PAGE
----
The Forex pyramid trading strategy is the most lucrative strategy that I have come across thus far in my trading career. That’s saying a lot considering I’ve been trading since 2003.
Why is it so powerful, you ask?
Because it offers virtually unlimited profit potential without the increased risk of loss. And as we all know, the number one rule of any profitable trader is to maximize profits and minimize losses. The pyramid strategy allows you to do exactly that.
Showing you how to do it is one thing. Showing you an example of how I executed the strategy is another entirely. Which is why I wanted to take this time to show you an example of a trade that I recently pyramided.
But before we jump in it’s important that you understand the basics of pyramiding. This will allow you to better understand the concepts and methods once we get to the case study below.
Pyramid Trading Crash Course
The following is a crash course on how to pyramid. This will only cover the very basics of the strategy. See the full lesson for more detailed instruction.
As the name implies, pyramiding involves strategically adding to an existing position as a trade begins to move in your favor. The key word there is “strategically”. We aren’t just putting additional capital at risk and then crossing our fingers in hopes of making more money.
The following illustration shows a pyramided long position.
Notice in the illustration above how we are adding to the initial buy order as the market retraces to former resistance and begins acting as new support.
The opposite applies to a short position, where we would add on a retest of a broken broken support level as it begins to act as new resistance.
Each buy order you see above is for an equal amount. So if you buy 40,000 units on the initial buy order, you would buy an additional 40,000 units on buy orders two and three.
In order to limit risk you want to move your stop loss up each time the market breaches another key resistance level. This ensures that the only risk you are exposed to is from the initial entry.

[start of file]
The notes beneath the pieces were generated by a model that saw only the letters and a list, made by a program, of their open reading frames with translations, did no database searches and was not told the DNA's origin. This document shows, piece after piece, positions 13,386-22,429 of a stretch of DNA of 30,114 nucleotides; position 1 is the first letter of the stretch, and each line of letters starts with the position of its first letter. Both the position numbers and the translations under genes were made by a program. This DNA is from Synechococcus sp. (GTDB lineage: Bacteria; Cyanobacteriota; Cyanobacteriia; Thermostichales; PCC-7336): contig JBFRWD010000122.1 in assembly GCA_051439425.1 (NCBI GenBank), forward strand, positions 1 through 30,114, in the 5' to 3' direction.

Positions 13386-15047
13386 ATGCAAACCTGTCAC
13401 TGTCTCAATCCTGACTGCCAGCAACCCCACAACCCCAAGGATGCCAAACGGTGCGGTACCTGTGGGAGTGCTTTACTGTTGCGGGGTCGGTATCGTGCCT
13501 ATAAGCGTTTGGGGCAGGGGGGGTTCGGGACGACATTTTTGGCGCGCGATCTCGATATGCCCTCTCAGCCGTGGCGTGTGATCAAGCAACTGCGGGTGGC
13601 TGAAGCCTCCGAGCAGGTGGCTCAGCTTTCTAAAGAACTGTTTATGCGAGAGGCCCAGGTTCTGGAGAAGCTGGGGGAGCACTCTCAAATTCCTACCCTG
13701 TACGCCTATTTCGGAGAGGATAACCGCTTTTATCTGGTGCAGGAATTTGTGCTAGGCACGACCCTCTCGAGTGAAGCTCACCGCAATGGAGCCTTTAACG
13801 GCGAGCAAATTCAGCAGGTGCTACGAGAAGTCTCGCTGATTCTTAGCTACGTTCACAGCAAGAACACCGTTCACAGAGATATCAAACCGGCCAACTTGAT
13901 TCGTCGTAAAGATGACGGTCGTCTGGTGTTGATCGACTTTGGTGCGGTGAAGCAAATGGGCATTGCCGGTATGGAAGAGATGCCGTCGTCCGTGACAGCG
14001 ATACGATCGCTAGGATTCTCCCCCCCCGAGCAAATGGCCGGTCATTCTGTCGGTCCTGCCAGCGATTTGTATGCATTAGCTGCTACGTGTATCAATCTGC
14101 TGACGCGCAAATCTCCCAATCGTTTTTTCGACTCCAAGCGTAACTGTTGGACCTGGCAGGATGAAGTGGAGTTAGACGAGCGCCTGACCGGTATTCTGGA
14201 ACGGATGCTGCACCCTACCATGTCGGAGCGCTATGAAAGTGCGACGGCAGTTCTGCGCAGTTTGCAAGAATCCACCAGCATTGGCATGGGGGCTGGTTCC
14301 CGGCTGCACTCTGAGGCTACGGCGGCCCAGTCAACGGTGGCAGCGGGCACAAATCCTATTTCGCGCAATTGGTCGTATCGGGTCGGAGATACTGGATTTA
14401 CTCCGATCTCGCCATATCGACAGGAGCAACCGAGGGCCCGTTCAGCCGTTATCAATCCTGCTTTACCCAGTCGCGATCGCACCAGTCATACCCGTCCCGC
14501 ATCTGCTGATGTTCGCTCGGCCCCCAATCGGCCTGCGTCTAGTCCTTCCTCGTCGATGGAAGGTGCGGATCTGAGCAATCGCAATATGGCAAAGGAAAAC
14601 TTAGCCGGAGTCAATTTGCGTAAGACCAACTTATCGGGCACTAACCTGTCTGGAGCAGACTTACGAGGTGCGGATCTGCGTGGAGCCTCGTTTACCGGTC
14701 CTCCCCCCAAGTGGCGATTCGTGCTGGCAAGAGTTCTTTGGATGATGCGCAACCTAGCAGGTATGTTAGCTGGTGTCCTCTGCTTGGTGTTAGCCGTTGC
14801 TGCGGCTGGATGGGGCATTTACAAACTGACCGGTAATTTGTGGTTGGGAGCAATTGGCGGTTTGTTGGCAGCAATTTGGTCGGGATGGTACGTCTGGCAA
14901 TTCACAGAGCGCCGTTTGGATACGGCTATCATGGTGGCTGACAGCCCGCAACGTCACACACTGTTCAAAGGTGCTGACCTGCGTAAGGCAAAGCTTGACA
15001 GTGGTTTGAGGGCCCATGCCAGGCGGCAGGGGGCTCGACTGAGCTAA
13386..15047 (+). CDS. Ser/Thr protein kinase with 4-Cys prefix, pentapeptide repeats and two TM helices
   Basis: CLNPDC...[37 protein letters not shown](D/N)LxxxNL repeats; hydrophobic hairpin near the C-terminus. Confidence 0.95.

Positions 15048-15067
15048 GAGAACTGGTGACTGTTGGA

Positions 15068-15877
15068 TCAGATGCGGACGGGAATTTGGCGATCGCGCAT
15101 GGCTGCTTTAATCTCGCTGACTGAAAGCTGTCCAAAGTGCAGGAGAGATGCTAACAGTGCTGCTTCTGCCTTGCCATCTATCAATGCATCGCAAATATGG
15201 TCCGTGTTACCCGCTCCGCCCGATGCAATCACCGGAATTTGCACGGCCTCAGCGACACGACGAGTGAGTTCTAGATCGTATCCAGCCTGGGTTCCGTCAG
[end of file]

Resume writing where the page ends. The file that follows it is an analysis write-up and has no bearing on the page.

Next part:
That’s the basic idea of pyramiding. But be sure to read the full lesson if anything mentioned above is unclear.
The following is an actual trade that I took on AUDJPY. The setup along with each subsequent position taken was discussed inside the Daily Price Action member’s community.
In order for the case study to make sense, we will take a look at each individual level and formation that led to the initial setup. Once we have outlined the entire setup I will show you how I went about entering at various key levels.
The first and most prominent level on AUDJPY at the time was weekly trend line support as shown below.
Notice that we have three well-defined touches off of this support level. Take special note of this trend line as it will play an important role later on.
Next up is trend line resistance that is best viewed on the 4 hour time frame. We will stay on this time frame for the remainder of the case study.
The chart above shows an obvious resistance level that had formed over two months and was therefore on a lot of people’s radar. This level will also become an important factor in the next few charts, so be sure to take note of it.
Next is the tipping point that led to the initial setup – a false break of the trend line we just saw on the 4 hour chart.
The chart above introduces two new factors. The first being the false break of trend line resistance and the second being the short-term trend line support.
Like most false breaks, the one that occurred above resulted in a swing in the opposite direction. In the case of AUDJPY that meant a move lower over the next few sessions.